While benzoyl peroxide and salicylic acid are tried and true acne fighters, tea tree oil is a natural alternative that gives them a run for their money. The essential oil is known for its anti-inflammatory properties—two major concerns for those with acne-prone skin.
However, like all skincare products, you need to make sure it’s the right fit for your complexion. Before adding it into your regimen, there are a few things to understand about this blemish buster. Below, dermatologists weigh in on your biggest questions about tea tree oil, so you can send those pimples packing for good.
Tea tree oil is effective because it is naturally antibacterial.
Derived from Melaleuca alternifolia, a small tree native to Australia, tea tree oil contains terpinene-4-ol. “This property has antibacterial and anti-yeast properties,” explains Marisa Garshick, MD, a New York-based dermatologist. “It helps with acne because the oil has been found to have antimicrobial effects against Cutibacterium acnes, a type of bacteria that is found in healthy normal skin, but one that’s also known to be involved in the formation of acne.” This is why tea tree oil has been shown to reduce acne, especially inflamed red bumps, and according to Dr. Garshick, there have also been studies which suggest that tea tree oil is beneficial in clearing up non-inflammatory blackheads and whiteheads, too. “Research also shows tea tree oil triggers the activity of white blood cells, which are key in the healing process,” adds Deanne Robinson, MD, a Connecticut-based dermatologist.
Unfortunately, tea tree oil isn’t great for sensitive skin.
“While it is well tolerated by most skin types; if you have sensitive or eczema- prone skin, you should avoid tea tree oil as it can cause irritation or true allergic eczema,” says Dr. Robinson. The last thing you want is a breakout and a nasty rash. That being said, it can be a gentler option than benzoyl peroxide or salicylic acid, so if your skin is on the finicky side it may be a good solution as long as your derm gives you the green light.
Never apply tea tree oil directly to your skin because it can cause serious irritation.
Usually when you’re working with essential oils, you mix them in a carrier oil (such as olive, coconut, or almond oil), but according to Dr. Robinson, these oils can exacerbate your acne, which is why she suggests mixing tea tree with your moisturizer instead. “For treating the entire face proactively, I recommend adding a few drops into a hyaluronic acid facial moisturizer and then applying,” says Dr. Robinson. “For a spot treatment, dampen a cotton ball with water, add a drop of tea tree oil and blot gently.”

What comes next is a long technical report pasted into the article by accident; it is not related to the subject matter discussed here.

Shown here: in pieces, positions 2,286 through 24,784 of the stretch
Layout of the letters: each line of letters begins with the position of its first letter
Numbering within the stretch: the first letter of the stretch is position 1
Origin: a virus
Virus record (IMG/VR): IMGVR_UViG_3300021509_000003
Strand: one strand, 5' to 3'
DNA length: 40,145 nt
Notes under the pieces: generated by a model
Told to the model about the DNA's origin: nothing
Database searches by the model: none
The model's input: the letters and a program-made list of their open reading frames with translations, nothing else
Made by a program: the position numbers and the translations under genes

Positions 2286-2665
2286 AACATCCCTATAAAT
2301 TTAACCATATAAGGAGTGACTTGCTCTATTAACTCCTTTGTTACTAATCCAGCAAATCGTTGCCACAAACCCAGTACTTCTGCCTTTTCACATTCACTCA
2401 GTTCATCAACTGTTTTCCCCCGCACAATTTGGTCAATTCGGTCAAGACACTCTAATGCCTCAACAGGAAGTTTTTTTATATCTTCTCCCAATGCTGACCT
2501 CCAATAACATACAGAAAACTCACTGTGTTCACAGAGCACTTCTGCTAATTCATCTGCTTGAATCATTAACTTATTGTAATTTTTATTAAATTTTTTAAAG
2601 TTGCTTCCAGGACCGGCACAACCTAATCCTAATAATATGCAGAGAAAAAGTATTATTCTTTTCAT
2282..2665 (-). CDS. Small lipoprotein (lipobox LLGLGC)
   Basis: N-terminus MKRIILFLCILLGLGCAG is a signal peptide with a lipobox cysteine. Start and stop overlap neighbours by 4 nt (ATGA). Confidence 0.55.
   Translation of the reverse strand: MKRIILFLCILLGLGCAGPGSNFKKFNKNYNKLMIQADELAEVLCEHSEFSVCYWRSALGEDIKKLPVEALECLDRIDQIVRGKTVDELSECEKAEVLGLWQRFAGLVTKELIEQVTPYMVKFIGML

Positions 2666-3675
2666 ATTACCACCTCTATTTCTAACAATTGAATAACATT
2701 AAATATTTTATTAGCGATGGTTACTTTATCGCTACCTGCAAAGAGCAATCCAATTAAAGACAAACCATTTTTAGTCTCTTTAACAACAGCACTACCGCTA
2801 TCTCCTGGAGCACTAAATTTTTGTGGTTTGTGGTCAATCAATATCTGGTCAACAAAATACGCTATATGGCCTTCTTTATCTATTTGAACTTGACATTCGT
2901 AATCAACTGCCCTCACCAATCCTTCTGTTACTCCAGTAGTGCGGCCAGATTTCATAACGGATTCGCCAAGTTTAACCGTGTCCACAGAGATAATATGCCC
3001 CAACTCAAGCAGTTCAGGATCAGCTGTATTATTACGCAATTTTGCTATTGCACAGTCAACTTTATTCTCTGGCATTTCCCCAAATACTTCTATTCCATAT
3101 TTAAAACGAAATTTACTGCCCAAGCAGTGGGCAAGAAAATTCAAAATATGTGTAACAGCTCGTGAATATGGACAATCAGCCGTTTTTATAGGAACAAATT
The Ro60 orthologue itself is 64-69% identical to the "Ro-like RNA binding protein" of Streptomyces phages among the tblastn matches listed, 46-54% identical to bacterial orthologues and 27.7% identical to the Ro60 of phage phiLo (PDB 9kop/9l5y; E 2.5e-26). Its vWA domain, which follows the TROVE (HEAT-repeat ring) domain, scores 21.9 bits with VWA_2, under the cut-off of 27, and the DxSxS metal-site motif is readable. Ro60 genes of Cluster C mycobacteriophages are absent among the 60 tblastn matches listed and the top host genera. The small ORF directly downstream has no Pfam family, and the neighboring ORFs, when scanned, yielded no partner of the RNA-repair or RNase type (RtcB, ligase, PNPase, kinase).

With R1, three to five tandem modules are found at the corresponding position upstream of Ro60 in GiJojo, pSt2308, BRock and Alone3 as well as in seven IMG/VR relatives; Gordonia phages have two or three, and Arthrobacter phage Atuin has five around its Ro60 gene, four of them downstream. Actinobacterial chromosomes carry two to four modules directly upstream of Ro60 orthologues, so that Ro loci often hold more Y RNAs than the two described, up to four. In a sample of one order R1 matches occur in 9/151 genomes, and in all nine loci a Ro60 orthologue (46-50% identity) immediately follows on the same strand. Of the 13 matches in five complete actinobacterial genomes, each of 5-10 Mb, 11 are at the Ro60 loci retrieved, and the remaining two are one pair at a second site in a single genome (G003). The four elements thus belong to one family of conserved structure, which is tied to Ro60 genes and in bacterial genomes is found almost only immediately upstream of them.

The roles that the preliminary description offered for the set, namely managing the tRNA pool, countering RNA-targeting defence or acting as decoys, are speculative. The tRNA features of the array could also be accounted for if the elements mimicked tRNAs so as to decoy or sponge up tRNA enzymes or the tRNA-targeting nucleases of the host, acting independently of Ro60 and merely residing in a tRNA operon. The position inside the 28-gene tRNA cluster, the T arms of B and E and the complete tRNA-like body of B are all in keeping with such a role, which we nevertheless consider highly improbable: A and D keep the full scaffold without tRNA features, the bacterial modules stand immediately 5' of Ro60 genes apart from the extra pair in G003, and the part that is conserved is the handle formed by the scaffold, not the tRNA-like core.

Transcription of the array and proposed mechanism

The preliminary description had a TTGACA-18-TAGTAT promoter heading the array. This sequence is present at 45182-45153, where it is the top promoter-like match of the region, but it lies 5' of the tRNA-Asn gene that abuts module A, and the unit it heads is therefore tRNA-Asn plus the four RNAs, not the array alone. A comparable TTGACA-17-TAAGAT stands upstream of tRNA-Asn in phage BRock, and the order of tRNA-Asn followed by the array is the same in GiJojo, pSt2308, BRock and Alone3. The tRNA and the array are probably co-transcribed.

One easy way to incorporate tea tree oil is using products containing it.
If you’re interested in trying out tea tree oil, a good way to incorporate it into your routine is by choosing a product that already has it in its formulation. Not only does this lower the chance of a DIY disaster, but your skin will reap other benefits too. “Some products will formulate tea tree oil with other complimentary ingredients that gently exfoliate the skin to help eliminate dead skin cells and unclog the pores—a common problem for those with acne,” furthers Dr. Garshick.
Here are five medicine cabinet must-haves: For perma-oily skin, try washing with this daily cleanser. The foaming formula lifts away grease and grime without drying out skin, leaving behind a matte finish. “It offers a nice blend of tea tree oil with salicylic acid so it helps to improve breakouts, unclog pores as well as brighten the skin,” says Dr. Garshick of why this is face oil is one of her faves. With acne-fighting benzoyl peroxide and redness-reducing tea tree oil, apply this to combat any pesky spots. It also has probiotics and licorice to help minimize the look of pimples. If you’re more of a mask girl, apply this clay one once or twice a week for ten minutes. The tea tree oil helps to reduce blemishes while the squalane helps keep the skin feeling smooth and moisturized.